Al Petteway Obituary
The world of music mourns the loss of Al Petteway, a virtuoso guitarist renowned for his acoustic fingerstyle expertise. Passing away on September 25, 2023, at the age of 65, Petteway leaves behind an indelible mark on the acoustic music scene. His collaborations spanned genres and included partnerships with distinguished folk artists such as Amy White, Tom Paxton, and Cheryl Wheeler, among many others.
Embarking on his musical journey at the young age of twelve, Al Petteway was more than just a guitarist; he was a dedicated musician. Over the years, his portfolio expanded to include a broad spectrum of musical styles—from popular and folk to classical. While the guitar was his primary muse, Al was also proficient in lute, string bass, percussion, and had a strong foundation in music composition.
A Grammy-award winner, Petteway gained fame not only for his compositions but also for his interpretations of traditional tunes. His unique fingerstyle approach was significantly shaped by his fondness for Celtic music and grounded in his roots in folk, rock, and blues. His contributions to the sonic landscape have been featured in over 75 albums, including 15 of his own. His work also graced the soundtracks of Ken Burns’ documentaries such as the Emmy Award-winning “The National Parks – America’s Greatest Idea” and “The Dust Bowl.”
Earning accolades that went beyond musical boundaries, Petteway’s achievements include an impressive 45 “Wammies” awarded by the Washington Area Music Association, a double recipient of the Maryland State Arts Council Individual Artist Award, and performances at both the Vice President’s residence and The White House. His influence reverberates through national radio and television programs, solidifying his status as a musical icon.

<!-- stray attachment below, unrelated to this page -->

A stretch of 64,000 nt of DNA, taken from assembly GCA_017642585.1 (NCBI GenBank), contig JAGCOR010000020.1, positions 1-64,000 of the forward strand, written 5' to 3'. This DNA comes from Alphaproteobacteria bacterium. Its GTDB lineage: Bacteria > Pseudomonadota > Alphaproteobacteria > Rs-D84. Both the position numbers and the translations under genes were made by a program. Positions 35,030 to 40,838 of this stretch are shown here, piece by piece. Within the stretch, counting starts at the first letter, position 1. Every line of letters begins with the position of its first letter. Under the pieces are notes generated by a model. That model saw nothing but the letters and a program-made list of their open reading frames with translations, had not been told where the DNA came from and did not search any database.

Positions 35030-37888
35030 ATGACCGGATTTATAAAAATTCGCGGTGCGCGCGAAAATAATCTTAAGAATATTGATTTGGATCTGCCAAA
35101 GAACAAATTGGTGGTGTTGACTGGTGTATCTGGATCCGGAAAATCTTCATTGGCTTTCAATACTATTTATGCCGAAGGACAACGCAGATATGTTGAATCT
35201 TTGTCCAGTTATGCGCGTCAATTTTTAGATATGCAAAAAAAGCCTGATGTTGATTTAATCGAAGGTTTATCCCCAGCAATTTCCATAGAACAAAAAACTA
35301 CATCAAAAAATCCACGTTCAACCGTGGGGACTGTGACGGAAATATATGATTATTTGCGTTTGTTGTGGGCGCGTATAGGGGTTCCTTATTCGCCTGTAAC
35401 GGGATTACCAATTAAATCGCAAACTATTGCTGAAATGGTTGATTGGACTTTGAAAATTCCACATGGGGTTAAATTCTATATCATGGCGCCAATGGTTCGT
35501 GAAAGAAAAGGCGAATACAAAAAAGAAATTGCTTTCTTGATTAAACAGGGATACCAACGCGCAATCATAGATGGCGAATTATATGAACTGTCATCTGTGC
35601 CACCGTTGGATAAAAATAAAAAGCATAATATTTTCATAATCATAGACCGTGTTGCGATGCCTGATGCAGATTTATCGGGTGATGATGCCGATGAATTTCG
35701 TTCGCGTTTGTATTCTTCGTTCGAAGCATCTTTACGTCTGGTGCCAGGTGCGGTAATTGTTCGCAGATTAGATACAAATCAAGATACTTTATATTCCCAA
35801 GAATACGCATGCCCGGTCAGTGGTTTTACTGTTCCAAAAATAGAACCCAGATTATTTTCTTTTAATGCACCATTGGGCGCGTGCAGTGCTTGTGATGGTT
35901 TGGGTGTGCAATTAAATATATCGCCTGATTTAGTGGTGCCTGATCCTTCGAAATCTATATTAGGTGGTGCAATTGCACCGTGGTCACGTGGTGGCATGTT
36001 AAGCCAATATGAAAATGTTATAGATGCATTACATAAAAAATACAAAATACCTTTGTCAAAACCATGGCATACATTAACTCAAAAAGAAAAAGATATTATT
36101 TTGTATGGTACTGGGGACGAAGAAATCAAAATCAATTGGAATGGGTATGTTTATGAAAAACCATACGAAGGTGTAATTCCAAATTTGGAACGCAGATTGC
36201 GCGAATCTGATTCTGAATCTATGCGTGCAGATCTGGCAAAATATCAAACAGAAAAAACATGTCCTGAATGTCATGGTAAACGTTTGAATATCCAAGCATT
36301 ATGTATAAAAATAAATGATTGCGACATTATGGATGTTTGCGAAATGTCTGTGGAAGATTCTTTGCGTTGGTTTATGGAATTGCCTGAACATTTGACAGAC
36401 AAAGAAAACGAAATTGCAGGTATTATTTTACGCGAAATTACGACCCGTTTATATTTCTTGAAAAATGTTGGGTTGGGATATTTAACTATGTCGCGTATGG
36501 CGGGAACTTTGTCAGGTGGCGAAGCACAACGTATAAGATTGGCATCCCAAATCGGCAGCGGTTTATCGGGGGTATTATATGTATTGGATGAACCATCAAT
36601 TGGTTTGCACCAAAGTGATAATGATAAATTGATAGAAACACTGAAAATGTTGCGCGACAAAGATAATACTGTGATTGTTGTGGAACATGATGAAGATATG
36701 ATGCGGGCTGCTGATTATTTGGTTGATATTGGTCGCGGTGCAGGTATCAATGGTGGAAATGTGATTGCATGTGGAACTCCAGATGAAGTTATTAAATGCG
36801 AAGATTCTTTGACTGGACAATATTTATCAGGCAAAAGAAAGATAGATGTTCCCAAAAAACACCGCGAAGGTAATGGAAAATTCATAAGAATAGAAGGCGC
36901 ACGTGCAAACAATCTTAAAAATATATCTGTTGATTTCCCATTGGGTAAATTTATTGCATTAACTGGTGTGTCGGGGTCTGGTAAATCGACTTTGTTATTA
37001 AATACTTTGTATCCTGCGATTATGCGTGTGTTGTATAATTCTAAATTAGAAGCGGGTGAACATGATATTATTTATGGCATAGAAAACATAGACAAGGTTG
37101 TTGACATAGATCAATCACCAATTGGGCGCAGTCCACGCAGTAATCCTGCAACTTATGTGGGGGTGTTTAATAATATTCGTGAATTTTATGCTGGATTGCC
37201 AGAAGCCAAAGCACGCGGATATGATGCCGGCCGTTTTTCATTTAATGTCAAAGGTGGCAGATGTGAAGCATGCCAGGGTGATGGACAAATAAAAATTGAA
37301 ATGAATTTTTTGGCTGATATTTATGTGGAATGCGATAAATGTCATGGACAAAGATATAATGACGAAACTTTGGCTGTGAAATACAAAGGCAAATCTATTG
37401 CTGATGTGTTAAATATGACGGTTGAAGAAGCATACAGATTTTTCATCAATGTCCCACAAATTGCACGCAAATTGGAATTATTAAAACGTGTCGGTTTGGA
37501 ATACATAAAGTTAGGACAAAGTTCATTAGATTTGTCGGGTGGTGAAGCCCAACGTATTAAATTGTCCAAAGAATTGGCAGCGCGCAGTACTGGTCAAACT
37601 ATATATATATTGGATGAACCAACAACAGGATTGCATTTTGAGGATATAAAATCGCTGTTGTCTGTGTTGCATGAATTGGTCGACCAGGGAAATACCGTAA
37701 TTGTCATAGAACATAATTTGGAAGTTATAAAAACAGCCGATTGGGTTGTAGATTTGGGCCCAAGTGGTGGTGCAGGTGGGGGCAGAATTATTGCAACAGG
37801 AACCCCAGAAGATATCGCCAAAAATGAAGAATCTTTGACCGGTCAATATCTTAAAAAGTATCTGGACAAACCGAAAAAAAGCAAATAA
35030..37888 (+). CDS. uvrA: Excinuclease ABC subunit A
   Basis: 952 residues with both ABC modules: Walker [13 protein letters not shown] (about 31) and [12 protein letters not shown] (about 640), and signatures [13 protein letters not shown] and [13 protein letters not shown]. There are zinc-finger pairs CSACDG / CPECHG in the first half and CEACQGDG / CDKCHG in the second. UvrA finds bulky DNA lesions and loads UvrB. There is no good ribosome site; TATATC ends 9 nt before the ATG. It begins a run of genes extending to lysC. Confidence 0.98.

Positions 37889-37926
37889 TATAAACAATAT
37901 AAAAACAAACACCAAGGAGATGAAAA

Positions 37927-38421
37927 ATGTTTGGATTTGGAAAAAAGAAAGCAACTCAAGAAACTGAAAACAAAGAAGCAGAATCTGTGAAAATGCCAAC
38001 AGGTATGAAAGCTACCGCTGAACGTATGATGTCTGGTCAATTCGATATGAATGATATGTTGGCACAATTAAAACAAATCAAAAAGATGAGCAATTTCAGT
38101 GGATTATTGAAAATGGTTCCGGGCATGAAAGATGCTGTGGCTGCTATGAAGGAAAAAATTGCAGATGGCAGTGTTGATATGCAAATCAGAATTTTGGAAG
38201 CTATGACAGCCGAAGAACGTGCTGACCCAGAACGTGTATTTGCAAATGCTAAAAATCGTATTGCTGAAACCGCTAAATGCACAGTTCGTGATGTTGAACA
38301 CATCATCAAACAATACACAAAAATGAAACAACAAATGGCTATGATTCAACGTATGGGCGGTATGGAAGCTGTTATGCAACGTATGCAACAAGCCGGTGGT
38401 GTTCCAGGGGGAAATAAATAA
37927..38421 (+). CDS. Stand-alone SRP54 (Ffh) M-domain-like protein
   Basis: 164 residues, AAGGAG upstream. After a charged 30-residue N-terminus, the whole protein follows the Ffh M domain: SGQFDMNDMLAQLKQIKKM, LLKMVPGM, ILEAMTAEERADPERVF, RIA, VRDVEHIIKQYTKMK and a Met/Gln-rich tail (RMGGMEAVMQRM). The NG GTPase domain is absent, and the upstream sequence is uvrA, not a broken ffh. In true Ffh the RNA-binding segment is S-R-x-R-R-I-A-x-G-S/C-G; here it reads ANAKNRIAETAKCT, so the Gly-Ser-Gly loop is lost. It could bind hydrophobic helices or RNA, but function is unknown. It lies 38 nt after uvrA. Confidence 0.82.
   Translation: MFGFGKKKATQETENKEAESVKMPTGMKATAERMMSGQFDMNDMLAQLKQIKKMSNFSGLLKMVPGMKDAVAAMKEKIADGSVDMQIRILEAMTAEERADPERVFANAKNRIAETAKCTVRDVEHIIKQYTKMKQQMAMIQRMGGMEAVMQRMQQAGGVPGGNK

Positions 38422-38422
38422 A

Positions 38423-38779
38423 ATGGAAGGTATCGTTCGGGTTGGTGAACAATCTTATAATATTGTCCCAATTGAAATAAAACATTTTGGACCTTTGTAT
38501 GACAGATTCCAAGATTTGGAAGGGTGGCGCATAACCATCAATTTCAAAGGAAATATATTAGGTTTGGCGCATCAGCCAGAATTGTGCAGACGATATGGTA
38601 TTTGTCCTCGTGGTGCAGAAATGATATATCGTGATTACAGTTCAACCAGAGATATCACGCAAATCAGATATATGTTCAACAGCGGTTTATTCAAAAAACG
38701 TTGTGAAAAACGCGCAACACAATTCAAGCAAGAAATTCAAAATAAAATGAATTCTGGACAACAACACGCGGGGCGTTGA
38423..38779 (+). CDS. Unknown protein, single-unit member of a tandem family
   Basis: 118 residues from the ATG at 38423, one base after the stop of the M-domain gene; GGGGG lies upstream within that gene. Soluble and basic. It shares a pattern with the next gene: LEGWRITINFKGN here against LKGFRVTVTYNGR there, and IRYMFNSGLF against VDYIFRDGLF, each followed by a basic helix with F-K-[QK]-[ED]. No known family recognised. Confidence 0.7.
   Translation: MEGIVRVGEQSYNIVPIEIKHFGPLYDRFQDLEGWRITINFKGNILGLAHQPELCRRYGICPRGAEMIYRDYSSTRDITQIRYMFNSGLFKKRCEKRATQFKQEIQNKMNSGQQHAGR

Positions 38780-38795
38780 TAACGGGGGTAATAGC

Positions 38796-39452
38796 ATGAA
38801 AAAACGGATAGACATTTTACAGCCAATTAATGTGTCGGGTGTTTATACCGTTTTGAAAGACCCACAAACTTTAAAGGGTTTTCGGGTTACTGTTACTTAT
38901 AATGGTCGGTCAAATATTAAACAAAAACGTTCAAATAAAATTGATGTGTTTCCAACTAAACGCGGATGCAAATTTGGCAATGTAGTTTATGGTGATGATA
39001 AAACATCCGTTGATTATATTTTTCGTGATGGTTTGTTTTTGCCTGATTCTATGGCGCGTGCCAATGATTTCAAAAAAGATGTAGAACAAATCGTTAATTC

As an educator and mentor, Al served as an Artist-in-Residence at both The Kennedy Center and Warren Wilson College. He and his wife, Amy White, hosted private music lessons from their home studio in Weaverville, NC, where Al also coordinated Guitar Week at the world-renowned Swannanoa Gathering music camp.
Musician David LaMotte eloquently encapsulated the sentiment of many: “I am so sad to hear that Al Petteway has left us. Such a brilliant musician, and such a kind and beautiful spirit.” LaMotte also shared a personal experience of learning guitar from Petteway, capturing the essence of Al as not just a world-class musician, but also as a warm-hearted individual.
Beyond his musical prowess, Al was a highly skilled photographer, having served as an editor at National Geographic. David LaMotte poignantly concludes, “I’m heartbroken at this loss, and grateful for the gift of knowing him. If you haven’t heard Al and Amy’s music, I strongly encourage you to seek some of it out.”
Al Petteway leaves behind not just an unparalleled musical legacy but also an enduring human spirit, celebrated by all who had the privilege of knowing him.
Al Petteway Career
Embarking on a professional music career at the tender age of eleven, amid the fervor of the British Pop Invasion, Al Petteway became a staple in Washington D.C.’s rock and folk scenes during the 1960s. A musical aficionado even at that young age, he played multiple instruments including guitar, drums, and string bass. The year 1969 marked his presence at the culturally seismic Woodstock Music & Arts Festival.
In 1970, Al chose to deepen his musical knowledge, attending school to study String Bass and Music Composition. His academic years were equally vibrant, seeing him perform with the Old Dominion University Madrigal Singers, Jazz and Symphonic Bands, and even the Norfolk Ballet Orchestra. After years of night club performances, he accepted a position with The National Geographic Society in 1977, overseeing Picture Editing. This role offered him the creative latitude to explore and fine-tune his own unique style of acoustic guitar music.